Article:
The Doctor's House by Ann Beattie

The Doctor's House

Ann Beattie

As this book goes on it becomes more unsettling, and you realise that the person you thought you understood is more complicated and more involved than first appears. Although perceptively and sensitively written, at the end there is a feeling that you can never really get to the truth of the dark enigma at the heart of this troubled family.


I was relieved. Firstly because he'd heard from Andrew, and second, because I'd expected worse. Now that I knew he'd reported in, I could let myself become angry. Andrew's actions seemed tiresome, compulsive, impossible to sympathise with. All the womanising, as well as my willingness to listen to his stories, had made me introspect. The person I found inside me was a person intent upon hiding out, not as different from her mother as she'd like to think. Though I assumed our mother had become a drunk in order to be a stay-at-home, there was also the chance that the desire followed the drinking. Afraid that I had been genetically encoded to hide, I forced myself to put my coat back on and take a late-afternoon walk.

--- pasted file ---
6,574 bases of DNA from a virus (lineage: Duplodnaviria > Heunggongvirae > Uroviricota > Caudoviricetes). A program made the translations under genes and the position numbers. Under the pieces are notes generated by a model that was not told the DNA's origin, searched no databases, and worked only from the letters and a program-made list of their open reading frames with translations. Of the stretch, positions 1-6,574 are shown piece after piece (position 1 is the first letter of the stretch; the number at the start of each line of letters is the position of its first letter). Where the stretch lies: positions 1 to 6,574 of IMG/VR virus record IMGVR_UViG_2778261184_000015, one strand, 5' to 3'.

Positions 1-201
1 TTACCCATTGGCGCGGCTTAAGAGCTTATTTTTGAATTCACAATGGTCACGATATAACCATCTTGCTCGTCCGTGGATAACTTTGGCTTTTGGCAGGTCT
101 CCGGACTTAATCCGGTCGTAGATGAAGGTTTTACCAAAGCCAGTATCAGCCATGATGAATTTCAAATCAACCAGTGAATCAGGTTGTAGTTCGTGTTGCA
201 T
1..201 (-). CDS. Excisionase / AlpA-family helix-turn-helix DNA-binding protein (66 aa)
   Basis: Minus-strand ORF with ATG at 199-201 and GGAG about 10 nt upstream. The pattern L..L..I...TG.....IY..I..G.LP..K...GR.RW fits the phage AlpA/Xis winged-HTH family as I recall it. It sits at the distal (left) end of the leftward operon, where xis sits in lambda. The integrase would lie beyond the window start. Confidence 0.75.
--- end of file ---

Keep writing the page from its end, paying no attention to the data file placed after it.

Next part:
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Explicit sexual content